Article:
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As global markets struggle before the Federal Reserves, London Slips into terrible inflation
As global markets struggle before the Federal Reserves, London Slips into terrible inflation

As global markets struggle before the Federal Reserves, London Slips into terrible inflation

As global markets struggle before the Federal Reserves, London Slips into terrible inflation

The data showed that the inflation in the UK is at the highest level for more than a decade, as the stock market globally separated before a US Federal Reserve interest rate decision. 

After the news that UK inflation had hit 5.1% in November, the British capital’s benchmark Financial Times Stock Exchange 100 Index with a possible interest rate rise, the pound surged in anticipation. At the time of rate call from both the European Central Bank and the Bank of England, the Paris CAC 40 index added 0.6 %, with Frankfurt’s Dax rising 0.3%.

Only Nasdaq dipped before the announcement of the Federal Reserve rate decision later in the day, as, on Wall Street, S&P 500 and Dow opened flat.

The news about the coronavirus latest variant, Omicron, brought about fear weakening the oil prices.There is a spike in energy prices, snags in long-running supply chains, and increasing demand as the pressure is mounting on major central banks to control inflation, which is running rampant.

The investors nervously awaited news from the Federal Reserve, which was expected to deliver information regarding withdrawal of its support; just as the outbreak of Omicron provoked economic recovery concerns, the Asian equities fell.

As the policymakers are still worried about Omicron, inflation runs rampant despite the BoE forecast to hold its low-interest rate.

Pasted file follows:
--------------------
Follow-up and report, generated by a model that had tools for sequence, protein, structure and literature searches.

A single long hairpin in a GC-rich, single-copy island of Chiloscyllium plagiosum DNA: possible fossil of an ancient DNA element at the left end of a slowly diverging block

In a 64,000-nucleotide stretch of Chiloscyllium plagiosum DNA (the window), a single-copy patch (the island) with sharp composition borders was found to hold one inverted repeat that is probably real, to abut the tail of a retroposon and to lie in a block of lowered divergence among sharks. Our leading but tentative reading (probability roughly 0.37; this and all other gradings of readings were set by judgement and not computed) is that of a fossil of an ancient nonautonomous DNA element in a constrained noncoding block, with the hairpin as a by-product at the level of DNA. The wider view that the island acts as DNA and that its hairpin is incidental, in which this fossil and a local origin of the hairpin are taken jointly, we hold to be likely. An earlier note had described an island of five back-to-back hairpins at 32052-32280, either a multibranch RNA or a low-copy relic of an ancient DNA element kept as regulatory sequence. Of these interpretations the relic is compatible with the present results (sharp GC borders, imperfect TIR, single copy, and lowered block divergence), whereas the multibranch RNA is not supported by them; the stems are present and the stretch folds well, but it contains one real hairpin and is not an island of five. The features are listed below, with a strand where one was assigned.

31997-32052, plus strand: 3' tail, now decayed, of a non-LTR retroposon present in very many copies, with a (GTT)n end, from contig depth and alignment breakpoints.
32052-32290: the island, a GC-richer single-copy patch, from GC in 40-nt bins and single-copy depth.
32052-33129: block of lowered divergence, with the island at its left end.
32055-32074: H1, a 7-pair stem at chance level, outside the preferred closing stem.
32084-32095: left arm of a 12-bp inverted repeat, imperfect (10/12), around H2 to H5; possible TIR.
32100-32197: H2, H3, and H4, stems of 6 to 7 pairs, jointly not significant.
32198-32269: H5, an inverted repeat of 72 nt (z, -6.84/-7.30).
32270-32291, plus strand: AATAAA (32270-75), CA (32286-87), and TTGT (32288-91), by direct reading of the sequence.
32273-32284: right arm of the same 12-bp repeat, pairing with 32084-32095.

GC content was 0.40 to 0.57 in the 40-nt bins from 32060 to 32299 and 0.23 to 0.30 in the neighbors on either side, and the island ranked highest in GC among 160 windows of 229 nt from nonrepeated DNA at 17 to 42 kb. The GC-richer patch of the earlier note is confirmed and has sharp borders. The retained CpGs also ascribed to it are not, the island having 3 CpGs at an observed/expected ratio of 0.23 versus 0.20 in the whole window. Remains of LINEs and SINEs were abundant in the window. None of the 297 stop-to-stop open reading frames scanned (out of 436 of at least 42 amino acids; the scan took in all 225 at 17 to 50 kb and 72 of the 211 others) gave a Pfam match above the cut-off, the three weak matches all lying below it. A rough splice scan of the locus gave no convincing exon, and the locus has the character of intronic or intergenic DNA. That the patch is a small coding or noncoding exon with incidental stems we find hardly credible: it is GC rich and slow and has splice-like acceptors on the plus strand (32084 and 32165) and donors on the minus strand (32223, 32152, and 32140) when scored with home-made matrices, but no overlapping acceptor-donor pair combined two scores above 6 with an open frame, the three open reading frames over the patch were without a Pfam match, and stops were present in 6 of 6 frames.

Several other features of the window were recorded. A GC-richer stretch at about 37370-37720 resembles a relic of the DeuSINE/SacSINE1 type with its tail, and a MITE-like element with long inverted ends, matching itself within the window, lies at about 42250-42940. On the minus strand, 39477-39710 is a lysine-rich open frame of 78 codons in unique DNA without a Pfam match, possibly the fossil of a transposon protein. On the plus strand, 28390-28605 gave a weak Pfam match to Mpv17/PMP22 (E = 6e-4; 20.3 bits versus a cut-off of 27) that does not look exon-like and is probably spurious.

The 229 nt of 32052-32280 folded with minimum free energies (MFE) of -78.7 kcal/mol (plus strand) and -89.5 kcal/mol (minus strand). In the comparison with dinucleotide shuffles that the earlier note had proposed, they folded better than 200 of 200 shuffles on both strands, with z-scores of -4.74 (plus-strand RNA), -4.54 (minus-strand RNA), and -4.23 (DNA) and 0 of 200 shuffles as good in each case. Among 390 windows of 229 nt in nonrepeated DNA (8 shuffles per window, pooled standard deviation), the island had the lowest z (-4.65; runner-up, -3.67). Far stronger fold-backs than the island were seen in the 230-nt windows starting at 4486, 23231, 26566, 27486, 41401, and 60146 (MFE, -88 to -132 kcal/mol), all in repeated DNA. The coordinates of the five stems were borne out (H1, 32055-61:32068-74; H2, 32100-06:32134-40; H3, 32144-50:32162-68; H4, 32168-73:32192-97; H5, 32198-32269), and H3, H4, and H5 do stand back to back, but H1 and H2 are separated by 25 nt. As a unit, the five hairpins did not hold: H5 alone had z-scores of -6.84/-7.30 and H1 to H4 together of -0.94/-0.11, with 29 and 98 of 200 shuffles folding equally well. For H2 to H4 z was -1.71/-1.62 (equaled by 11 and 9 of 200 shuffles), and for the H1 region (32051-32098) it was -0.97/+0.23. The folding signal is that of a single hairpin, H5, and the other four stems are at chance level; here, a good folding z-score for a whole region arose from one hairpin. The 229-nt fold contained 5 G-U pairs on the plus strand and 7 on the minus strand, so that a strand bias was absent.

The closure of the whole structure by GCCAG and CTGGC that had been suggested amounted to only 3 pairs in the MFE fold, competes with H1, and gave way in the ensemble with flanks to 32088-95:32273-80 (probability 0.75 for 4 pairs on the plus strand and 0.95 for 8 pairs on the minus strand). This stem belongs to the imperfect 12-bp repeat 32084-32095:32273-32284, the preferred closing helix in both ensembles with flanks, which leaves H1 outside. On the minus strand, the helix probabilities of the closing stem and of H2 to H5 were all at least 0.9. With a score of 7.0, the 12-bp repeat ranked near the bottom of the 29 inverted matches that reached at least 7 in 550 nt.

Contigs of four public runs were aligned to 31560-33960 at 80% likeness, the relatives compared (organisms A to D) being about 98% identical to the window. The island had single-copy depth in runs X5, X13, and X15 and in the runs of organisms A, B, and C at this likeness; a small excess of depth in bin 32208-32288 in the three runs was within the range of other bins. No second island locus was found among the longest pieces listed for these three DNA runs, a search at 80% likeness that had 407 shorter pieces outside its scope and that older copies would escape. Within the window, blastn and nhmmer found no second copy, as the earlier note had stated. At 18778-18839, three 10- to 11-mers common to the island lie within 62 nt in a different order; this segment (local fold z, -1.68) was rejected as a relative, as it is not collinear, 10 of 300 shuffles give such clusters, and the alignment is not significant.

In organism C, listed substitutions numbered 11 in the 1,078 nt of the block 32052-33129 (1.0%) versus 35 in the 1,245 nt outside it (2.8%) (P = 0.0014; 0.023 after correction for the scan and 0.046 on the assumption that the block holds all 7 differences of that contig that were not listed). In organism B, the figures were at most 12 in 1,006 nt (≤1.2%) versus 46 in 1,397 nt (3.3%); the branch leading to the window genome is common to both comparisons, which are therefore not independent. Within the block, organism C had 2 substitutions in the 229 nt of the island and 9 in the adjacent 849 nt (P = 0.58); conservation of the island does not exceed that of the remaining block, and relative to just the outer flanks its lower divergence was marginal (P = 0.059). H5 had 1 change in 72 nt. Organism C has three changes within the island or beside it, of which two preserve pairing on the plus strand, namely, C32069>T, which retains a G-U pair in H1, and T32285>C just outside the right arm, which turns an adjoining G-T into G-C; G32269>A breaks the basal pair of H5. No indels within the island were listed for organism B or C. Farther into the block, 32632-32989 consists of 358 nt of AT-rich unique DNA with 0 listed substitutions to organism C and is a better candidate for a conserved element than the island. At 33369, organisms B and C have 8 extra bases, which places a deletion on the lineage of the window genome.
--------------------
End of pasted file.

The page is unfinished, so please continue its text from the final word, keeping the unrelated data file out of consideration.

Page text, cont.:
IG analyst Joshua Mahony said that before the Federal Reserve, Bank of England, and European Central Bank released their monetary policy decision, the pound was on the front foot, ahead of a crucial 24-hours period.

The Bank of England will be under pressure as UK CPI inflation reaches a 10-year high, even if there were to hold off their raising rate.

The UK economic picture looks unstable as it is caught between the constantly rising inflation and the explosion of Omicron in the general public.

The Federal Reserve aims to end its vast bond-buying program sooner than expected. This will allow the Federal Reserve to lift interest rates by mid-2022, as the data from last week showed the US consumer prices rose in November at their fastest pace in the past four decades.

Putting an end to central bank largesse – instituted at the start of the pandemic – has weighed heavily on global equity markets over the past few months, seeing many markets hit record-highs or multi-year highs.

Mahony said that the traders expected (Chairman Jerome) Powell that in order to ramp up the tapering process in response to increased inflation pressure as the Federal Reserves grab the headlines.

Putting together all these factors, Fawad Razaqzada of ThinkMarkets said, the Fed does not “have a basis to justify the Fed not tapering QE now with consumer inflation at its highest since the early 80s, producer prices rocketing to new highs, GDP already above pre-pandemic levels, and the labor market tight”.

The government is forced to reintroduce new measures against the threat of the Omicron variant, as it threatens to deal a blow to the already fragile economy.

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